erroneous construction of the notification violates the provisions of Art. 265
of the Constitution and thereby brings in the breach of Art.
895 31 (1); in the other case, the
misconstruction as to the taxable character of the transaction violates Art. 28
6 (1 ) (a) and thereby brings in Art. 31 (1). Therefore, it is urged that he
necessary consequence of the decision in Ujjam Bai is that even if the
Sales-tax Officer has held wrongly that the impugned transactions are not
inter-State transactions, the remedy of petition under Art. 32 is not open to
the aggrieved citizen.
On the other hand, Mr. Palkhivala has
strenuously urged that the decision in Ujjam Bai rested on the basis that the
misinterpretation of the notification did not involve the violation of any
constitutional limitations or prohibitions and he has referred us to some
passages in the judgments of Das, Kapur and Mudholkar JJ. In support of his
argument that where an erroneous decision of a salestax officer results in the
violation of a constitutional prohibition or limitation, different
considerations would arise and an aggrieved citizen would be entitled to move
this Court under Art. 32, Mr. Palkhivala has emphasised the fact that whereas
Das J. expressly held that the view taken in Kailash Nath v.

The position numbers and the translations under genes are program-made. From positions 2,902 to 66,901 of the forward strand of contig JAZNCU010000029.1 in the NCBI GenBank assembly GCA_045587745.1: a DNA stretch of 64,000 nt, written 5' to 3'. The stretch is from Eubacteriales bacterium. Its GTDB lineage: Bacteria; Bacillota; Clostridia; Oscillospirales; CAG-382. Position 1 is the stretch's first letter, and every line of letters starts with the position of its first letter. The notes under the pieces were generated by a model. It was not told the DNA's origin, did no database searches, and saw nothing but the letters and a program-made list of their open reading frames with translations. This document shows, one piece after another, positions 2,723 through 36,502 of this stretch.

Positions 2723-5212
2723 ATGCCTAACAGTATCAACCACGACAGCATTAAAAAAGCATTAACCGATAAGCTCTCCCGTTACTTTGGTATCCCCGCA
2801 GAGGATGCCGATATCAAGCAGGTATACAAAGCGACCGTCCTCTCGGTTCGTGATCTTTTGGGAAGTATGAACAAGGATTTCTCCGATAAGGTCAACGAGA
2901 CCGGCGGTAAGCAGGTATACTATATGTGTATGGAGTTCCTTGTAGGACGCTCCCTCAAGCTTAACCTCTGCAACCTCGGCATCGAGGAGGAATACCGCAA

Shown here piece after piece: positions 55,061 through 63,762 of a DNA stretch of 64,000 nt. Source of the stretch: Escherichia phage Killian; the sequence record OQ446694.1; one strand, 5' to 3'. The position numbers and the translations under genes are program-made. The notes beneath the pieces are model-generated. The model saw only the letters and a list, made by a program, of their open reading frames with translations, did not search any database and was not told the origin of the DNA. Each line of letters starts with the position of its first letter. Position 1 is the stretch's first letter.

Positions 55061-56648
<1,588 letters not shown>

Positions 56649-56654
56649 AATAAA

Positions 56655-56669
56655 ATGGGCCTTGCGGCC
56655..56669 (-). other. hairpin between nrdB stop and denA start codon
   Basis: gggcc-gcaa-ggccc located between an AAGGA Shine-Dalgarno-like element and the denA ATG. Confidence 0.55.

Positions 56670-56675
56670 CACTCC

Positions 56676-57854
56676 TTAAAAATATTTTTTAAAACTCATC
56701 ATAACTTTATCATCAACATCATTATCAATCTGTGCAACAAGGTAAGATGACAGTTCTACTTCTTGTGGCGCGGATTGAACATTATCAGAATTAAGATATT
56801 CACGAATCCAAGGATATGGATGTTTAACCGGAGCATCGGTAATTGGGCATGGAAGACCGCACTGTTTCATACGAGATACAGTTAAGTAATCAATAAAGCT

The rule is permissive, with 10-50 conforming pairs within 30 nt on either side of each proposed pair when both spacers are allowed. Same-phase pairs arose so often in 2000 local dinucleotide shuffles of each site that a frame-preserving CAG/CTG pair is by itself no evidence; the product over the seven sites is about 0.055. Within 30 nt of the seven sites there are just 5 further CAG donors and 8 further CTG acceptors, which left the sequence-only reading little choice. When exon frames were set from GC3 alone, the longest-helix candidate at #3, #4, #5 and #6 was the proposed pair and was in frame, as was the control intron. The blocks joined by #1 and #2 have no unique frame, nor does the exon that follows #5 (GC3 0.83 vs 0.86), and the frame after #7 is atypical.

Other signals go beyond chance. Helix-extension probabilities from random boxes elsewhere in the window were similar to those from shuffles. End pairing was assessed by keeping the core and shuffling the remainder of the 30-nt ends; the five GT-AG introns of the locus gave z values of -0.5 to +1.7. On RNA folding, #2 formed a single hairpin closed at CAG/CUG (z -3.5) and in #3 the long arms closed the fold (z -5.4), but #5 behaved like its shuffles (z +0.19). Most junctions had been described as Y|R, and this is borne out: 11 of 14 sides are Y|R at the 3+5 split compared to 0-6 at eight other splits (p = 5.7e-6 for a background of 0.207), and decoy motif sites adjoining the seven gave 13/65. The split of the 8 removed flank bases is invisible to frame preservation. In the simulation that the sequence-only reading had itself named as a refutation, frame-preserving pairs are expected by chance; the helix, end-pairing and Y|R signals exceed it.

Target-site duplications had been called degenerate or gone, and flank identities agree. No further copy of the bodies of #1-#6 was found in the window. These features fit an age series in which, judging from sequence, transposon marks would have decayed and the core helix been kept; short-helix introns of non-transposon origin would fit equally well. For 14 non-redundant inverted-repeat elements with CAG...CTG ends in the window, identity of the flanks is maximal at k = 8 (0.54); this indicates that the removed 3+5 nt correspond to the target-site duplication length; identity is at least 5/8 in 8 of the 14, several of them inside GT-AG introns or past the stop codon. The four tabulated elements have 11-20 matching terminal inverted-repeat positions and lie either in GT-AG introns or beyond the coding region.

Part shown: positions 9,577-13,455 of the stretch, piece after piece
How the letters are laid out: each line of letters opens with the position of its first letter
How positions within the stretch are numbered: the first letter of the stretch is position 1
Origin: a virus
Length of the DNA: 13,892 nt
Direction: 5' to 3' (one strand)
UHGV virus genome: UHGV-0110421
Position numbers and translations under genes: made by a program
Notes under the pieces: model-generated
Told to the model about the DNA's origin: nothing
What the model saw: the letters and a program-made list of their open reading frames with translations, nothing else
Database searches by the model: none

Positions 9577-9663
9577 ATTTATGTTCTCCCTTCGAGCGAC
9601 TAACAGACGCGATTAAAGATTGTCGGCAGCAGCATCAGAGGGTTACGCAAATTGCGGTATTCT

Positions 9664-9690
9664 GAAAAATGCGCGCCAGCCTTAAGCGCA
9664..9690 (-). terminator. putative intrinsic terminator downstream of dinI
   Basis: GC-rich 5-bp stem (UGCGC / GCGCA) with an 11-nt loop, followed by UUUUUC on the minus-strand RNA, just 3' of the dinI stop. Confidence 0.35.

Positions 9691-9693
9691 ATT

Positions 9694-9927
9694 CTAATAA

State of U.P.(1) was not right, he approved
of the other decisions which were cited at the Bar and exhaustively discussed
on the ground that those decisions 'fall under the category in which an
executive authority acts without authority of law, or a quasi-judicial
authority acts in transgression of a constitutional prohibition and without
jurisdiction"(2). These decisions are: Thakur Amar Singhji v. State of
Rajasthan(3); M/s. Mohanlal Hargovind Dass v. The State of Madhya Pradesh(4);
Y. Mahaboob Sheriff v. Mysore State Transport Authority(5); J. V. Gokar &
Co. (Private) Ltd. v. The Assistant Collector of Sales-tax (Inspection) (6);
and Universal Imports Agency v. Chief Controller of Imports and Exports ( 7 ) .
To the same effect is the observation made by Kapur J. when the learned Judge
stated that in the case of M/s. Mohanlal Hargovind Dass ( 4 ) ':he dispute did
not turn upon a misconstruction of any statute by any quasi-judicial authority,
but that was a case (1) A.I.R. 1957 S.C. 790(2)  1 S.C.R. at 842.
(3)  8 S.C.R. 303.(4)  2 S.C.R.
(5)  2 S.C.R. 146.(6)  2 S.C.R.
(7)  1 S.C.R. 305.
896 in which the very transaction was outside
the taxing powers of the State and any action taken by the taxing authorities
was one without authority of law.
In support of the same argument, both Mr.
Pathak and Mr. Palkhivala strongly relied upon the two subsequent decisions of
this Court where writ petitions filed under Art. 32 were entertained on grounds
somewhat similar to those on which the present writ petitions are founded, The
State Trading Corporation of India Ltd. and Another v. The State of Mysore and
Another(1) and The State Trading Corporation of India Ltd. and Others v. The
State of Mysore and Another(2).
Basing himself on these decisions, Mr. Pathak
has argued that the question as to whether a particular transaction of sale
attracts the protection of Art. 286(1) (a) is a collateral fact the decision of
which confers jurisdiction on the Sales-tax Officer; and he contends that the